I'm staggered to read of the sums paid for movie memorabilia in a recent Hollywood auction.
- The light saber used by Mark Hamill, playing Luke Skywalker, in the first 'Star Wars' movie sold for $240,000.
- The droid helmet worn by actor Antony Daniels, playing C-3PO, in the same movie fetched $120,000, while the same character's robotic hands were auctioned for $30,000.
- An original section of the Death Star prop from the same movie went for $20,000.
- A handwritten screenplay by Roald Dahl for the James Bond movie You Only Live Twice sold for $96,000.
- Jim Carrey's 'Riddler' costume from the film Batman Forever fetched $39,000.
- A leather suit for the Wolverine character in the film X-men sold for $90,000.
Perhaps there's something wrong with me, but I can't for the life of me imagine paying good money for such things. I can understand purchasing a rare and exquisite antique (not the modern reproductions so often labeled 'antiques', but the real thing), or perhaps a rare manuscript or first edition of a particularly important book: but movie props and paraphernalia? They're ephemeral by comparison, in my opinion at least. Still, I guess if the buyers are happy . . .
I guess I'm put off by the whole 'conspicuous consumption' thing. I was rather nauseated to read a report earlier this week about a Dutch firm, Sevenstar, which operates no less than 80 (yes, that's right, eighty!) ships to ferry yachts and powerboats from one playground of the rich and famous to another. The owners couldn't be bothered to actually sail them there, you understand, or even pay their crews to do so. It's far more convenient to hire another ship to load them on board and deliver them - at an outlandish cost, of course.
To most yachtsmen, one of the great challenges is to sail the Atlantic.
But the owners of these superyachts have neither the time nor the inclination to battle ocean swells, high winds and weeks at sea.
If you're wealthy and you want to spend December island-hopping in the Caribbean - but your boat is inconveniently moored in Monaco - you turn to the services of companies such as Dutch firm Sevenstar.
Every November, the firm's giant freighter MV Spiegelgracht - seen here arriving at Road Town, Tortola, capital of the British Virgin Islands - collects a cargo of yachts in Palma, Majorca and Southampton and takes them to the Caribbean - without adding a single nautical mile to their ocean-going careers. (Click to enlarge picture.)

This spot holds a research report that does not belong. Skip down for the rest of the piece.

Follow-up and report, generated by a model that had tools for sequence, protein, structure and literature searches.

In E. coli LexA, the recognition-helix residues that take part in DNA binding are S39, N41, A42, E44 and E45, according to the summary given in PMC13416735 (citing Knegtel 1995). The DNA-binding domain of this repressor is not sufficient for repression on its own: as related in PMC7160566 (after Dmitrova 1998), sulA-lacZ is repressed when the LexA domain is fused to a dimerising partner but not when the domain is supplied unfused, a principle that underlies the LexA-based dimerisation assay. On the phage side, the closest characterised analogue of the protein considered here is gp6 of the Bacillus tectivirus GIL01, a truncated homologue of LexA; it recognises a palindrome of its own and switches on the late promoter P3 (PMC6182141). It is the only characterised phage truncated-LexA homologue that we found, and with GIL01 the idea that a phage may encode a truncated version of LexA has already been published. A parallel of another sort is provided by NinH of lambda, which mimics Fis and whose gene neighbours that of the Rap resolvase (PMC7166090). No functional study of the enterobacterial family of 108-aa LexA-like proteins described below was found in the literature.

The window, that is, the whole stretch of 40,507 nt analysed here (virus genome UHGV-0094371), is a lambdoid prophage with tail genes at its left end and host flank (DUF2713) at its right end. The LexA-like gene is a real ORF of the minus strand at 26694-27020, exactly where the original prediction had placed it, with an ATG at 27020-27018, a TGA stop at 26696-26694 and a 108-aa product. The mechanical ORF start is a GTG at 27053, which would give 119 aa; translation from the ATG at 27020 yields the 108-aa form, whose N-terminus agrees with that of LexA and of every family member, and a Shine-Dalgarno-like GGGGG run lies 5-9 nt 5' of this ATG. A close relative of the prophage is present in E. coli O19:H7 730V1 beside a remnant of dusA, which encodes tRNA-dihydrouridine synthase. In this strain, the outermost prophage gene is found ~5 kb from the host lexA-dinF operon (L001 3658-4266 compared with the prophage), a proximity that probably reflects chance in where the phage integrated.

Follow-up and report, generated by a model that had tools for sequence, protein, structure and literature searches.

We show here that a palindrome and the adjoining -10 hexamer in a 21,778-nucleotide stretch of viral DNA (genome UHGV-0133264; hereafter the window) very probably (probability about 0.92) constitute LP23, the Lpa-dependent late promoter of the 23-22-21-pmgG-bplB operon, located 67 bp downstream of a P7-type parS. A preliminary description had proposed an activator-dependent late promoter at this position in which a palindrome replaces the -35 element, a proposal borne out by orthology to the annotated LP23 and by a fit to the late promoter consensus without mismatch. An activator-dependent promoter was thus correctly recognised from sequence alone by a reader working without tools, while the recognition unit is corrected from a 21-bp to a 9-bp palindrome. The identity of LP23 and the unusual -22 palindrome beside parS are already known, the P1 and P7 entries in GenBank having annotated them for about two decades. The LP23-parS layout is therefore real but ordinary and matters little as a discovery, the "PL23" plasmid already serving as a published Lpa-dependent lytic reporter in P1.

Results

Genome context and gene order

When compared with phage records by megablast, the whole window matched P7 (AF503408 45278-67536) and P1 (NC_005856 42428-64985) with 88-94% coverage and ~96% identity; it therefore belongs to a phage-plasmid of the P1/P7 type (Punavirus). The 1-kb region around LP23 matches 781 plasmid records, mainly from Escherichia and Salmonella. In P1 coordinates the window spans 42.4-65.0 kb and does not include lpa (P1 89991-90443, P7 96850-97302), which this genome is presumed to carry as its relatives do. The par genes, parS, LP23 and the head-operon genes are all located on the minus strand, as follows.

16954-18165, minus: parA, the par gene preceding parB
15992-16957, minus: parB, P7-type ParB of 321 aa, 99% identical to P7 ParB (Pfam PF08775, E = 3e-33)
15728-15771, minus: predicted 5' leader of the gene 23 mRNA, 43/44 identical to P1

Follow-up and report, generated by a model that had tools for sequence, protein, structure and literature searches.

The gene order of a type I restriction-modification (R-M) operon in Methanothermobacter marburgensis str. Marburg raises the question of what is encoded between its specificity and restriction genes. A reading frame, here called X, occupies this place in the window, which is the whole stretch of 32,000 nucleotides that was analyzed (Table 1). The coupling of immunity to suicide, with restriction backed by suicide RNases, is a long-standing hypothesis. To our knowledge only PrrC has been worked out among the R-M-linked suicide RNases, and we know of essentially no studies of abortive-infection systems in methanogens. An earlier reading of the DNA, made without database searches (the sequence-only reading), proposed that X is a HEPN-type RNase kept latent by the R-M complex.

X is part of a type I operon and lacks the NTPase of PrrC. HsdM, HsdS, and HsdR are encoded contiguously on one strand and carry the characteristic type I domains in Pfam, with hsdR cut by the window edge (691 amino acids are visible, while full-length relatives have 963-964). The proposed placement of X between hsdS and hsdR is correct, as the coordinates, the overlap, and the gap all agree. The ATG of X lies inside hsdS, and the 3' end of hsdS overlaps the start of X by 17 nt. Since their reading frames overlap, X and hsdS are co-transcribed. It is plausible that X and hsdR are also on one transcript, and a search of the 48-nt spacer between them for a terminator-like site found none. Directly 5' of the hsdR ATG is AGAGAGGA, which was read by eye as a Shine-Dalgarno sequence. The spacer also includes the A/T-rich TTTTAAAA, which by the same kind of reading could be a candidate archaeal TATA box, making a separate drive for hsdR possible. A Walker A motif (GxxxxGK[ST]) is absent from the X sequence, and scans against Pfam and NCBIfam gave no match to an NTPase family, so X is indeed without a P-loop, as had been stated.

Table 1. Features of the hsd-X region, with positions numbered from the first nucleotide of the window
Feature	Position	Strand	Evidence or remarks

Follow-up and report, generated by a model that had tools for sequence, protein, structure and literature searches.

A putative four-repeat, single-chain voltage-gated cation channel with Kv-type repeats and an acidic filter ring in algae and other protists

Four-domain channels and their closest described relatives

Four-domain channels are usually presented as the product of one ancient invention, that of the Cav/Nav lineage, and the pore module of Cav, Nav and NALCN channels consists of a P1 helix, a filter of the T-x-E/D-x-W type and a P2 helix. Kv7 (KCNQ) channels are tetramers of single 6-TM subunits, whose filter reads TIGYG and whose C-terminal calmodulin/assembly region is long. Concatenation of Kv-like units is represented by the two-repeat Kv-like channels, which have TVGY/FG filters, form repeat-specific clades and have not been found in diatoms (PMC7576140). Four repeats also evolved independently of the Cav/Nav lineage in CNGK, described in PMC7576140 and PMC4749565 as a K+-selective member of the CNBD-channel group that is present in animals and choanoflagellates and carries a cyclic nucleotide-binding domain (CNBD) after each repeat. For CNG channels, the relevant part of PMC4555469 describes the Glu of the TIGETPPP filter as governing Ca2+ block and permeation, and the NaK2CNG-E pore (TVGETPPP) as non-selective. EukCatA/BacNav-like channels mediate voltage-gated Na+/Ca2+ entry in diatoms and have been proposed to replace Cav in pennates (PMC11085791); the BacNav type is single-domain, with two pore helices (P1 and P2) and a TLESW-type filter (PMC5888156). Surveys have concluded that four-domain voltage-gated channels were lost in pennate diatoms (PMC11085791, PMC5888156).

And next May, it will hoist them aboard again and ferry them back to the Mediterranean for the summer cruising season.
There are 17 vessels secured in specially designed cradles on the Speigelgracht's deck.
The multi-million-pound cargo is made up of an assortment of rich men's toys, from relatively modest sailing yachts to vast gin palaces and 90ft Sunseekers.
Each vessel has its own personal captain who oversees the transfer to the Spiegelgracht.
The sailing boats are lifted and transported on deck with the mast and the complete rig kept upright.
Before setting off, all stainless steel and chrome fittings are coated with Vaseline to protect them from the elements.
I suppose I shouldn't feel frustrated by reading stuff like that . . . but I do. You see, I know what it's like to try to raise funds for really good, worthy causes - and be turned down flat by the sort of people who own those boats, or who can afford to spend money in such sums on movie memorabilia. Right now, I'm involved in two fund-raising projects: one to build a health clinic in Africa, the other to establish a halfway-house prison ministry here in the USA. Both need capital of about half a million dollars to get moving - a drop in the bucket compared to the cost of one of those boats, for example. However, if you think that most people with that kind of money are willing to part with it for such purposes, think again!
It's very draining and depressing sometimes . . . particularly when those who've got it, flaunt it like that! Still, it's their money, and I wish them well with it. Perhaps I'll run into one or two (hopefully soon) who are less inclined to spend it on frippery, and more willing to invest in human beings.